top of page

US Supreme Court to Hear Moore v. United States: Implications for Repatriation Tax and Beyond

The US Supreme Court is poised to hear the appeal of Moore v. the United States, a case that could potentially upend US tax policy, particularly concerning the country's repatriation tax. The case, scheduled for the upcoming term starting in October, revolves around Charles and Kathleen Moore, who argue that the repatriation tax violates the 16th Amendment of the US Constitution.

US Supreme Court to Hear Moore v. United States: Implications for Repatriation Tax and Beyond

At the heart of the matter is the taxation of unrealized income. The Moores had an 11% stake in KisanKraft Machine Tools, an India-based farm equipment company. The mandatory repatriation tax, imposed at 15.5%, resulted in an additional tax liability of just $15,000 for the couple.

However, their legal team contends that this tax breaches constitutional limits, specifically the 16th Amendment, which grants Congress the power to collect taxes from realized income but not from income that remains unrealized.

While the sums involved in this case might appear modest, the implications for US tax policy could be profound. If the Supreme Court rules in favor of the Moores and deems the repatriation tax unconstitutional, it could set a precedent with far-reaching consequences. Taxpayers may become entitled to claim tax refunds for the first five years following the implementation of the Tax Cuts and Jobs Act (TCJA) in 2018. This has the potential to cost the US Treasury billions in revenue and create a significant dent in government finances.

The TCJA, enacted during the Trump administration, introduced a one-off mandatory repatriation tax of up to 15.5% on foreign earnings repatriated to the US. It represented a significant shift from the previous practice of taxing US companies repatriating profits at a 35% corporate tax rate. The case has attracted political support from conservative think tanks and lobbying groups that seek to block future taxes and establish a precedent for greater tax savings.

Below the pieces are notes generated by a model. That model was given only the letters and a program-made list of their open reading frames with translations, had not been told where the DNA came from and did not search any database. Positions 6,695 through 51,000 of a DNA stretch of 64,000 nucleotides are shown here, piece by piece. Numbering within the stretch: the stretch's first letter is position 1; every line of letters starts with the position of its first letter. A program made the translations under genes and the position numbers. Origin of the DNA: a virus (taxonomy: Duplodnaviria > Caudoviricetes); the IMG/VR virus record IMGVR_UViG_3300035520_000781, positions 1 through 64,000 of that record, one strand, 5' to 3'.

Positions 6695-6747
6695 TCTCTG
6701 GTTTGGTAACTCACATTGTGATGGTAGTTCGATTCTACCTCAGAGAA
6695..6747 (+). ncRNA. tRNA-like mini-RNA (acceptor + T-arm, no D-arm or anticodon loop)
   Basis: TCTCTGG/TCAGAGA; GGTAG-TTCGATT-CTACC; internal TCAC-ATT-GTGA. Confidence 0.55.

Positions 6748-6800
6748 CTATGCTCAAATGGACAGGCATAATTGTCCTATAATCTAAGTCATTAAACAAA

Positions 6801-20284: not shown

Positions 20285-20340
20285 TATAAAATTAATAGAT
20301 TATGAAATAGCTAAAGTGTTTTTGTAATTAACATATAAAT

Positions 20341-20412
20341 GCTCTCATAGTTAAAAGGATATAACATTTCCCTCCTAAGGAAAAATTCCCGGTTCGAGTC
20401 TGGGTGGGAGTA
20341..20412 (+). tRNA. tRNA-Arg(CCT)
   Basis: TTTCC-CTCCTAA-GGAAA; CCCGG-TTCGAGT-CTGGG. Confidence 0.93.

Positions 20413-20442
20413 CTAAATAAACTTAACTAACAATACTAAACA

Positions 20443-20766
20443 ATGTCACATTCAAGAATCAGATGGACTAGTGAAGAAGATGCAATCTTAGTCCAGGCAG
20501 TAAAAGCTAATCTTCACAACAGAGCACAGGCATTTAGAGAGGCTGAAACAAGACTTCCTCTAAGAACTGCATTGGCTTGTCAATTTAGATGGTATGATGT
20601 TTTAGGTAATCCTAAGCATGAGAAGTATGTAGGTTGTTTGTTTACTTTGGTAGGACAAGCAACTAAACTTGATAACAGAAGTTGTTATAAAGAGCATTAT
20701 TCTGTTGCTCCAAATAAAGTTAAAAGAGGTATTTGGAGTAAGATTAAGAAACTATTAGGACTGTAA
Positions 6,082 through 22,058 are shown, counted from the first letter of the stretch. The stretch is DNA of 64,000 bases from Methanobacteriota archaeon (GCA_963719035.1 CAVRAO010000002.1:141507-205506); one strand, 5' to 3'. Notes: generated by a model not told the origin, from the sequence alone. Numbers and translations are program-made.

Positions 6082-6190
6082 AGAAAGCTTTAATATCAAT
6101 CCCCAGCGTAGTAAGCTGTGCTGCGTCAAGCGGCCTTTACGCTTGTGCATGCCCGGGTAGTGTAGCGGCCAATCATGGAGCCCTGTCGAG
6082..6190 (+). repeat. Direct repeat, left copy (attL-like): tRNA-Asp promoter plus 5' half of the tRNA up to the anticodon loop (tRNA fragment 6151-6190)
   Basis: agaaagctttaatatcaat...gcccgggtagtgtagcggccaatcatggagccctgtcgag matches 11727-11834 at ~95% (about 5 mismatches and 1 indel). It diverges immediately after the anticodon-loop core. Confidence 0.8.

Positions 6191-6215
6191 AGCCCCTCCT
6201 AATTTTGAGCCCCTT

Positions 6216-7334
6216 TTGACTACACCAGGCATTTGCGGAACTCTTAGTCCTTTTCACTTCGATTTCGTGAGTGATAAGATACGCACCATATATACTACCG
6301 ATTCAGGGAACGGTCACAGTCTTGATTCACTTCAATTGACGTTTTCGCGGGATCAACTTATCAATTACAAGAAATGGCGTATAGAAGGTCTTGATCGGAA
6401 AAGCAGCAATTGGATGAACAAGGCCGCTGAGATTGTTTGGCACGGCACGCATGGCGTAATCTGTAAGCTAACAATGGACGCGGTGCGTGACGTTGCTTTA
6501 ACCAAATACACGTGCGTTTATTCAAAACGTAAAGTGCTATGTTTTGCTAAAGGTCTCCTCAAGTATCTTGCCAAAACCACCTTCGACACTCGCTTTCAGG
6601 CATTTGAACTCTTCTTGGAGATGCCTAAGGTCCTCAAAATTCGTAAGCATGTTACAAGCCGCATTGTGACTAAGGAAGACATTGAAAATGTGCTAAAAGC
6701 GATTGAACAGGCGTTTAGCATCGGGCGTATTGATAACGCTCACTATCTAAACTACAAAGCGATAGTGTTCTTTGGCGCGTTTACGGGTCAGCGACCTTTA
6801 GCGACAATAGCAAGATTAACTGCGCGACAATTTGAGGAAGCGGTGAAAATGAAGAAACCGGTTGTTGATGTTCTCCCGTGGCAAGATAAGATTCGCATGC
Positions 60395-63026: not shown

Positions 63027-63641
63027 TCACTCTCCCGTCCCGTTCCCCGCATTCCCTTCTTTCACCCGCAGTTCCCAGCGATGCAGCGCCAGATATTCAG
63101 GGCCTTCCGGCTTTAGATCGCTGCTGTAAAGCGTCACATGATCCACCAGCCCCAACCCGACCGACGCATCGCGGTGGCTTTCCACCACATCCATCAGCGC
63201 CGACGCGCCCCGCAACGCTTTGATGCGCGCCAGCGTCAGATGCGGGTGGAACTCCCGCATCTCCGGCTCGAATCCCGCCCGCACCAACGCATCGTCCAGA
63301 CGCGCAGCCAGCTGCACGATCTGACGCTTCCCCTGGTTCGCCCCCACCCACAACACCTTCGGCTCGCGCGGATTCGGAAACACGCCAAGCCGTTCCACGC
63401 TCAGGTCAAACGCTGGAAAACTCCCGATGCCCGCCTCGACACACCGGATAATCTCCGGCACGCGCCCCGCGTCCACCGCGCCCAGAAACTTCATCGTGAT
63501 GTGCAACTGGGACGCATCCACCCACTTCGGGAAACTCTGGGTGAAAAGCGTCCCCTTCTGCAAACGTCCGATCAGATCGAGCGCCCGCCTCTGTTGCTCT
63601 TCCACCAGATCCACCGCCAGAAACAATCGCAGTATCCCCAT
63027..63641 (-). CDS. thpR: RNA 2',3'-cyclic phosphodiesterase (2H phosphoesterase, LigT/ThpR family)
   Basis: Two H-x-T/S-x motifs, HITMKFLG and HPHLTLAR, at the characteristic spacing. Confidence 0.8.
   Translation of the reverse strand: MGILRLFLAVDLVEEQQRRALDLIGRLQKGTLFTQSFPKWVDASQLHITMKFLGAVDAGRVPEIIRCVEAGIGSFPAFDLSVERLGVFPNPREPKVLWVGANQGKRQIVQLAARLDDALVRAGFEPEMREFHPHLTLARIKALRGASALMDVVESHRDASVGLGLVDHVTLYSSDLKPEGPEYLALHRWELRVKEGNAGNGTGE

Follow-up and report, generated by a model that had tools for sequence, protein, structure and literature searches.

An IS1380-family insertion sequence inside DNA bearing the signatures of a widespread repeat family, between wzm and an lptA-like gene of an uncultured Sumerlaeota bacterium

The Supreme Court's decision in Moore v. United States holds broader implications for US tax policy beyond the repatriation tax. It could impact the constitutionality of various tax reforms, including minimum corporate rates introduced as part of the global intangible low-taxed income (GILTI) rules. The Biden administration has already raised the minimum rate under GILTI from 10.5% to 15%. The loss of GILTI tax revenue could amount to as much as $352 billion over the next decade, according to estimates by the Tax Foundation.

Furthermore, the case's outcome may affect the Biden administration's commitment to international tax reform, particularly the implementation of the two-pillar solution. Pillar two involves a 15% global minimum corporate tax rate with an income inclusion rule (IIR). The IIR may face constitutional challenges if the Moores prevail in their case.

In summary, while the Moore case may involve relatively small sums in dispute, its implications for US tax policy and international tax reform are substantial. The Supreme Court's ruling, whether narrow or broad, will likely shape the landscape of US taxation for years to come, with potential consequences for both domestic and global tax policies. By fLEXI tEAM


bottom of page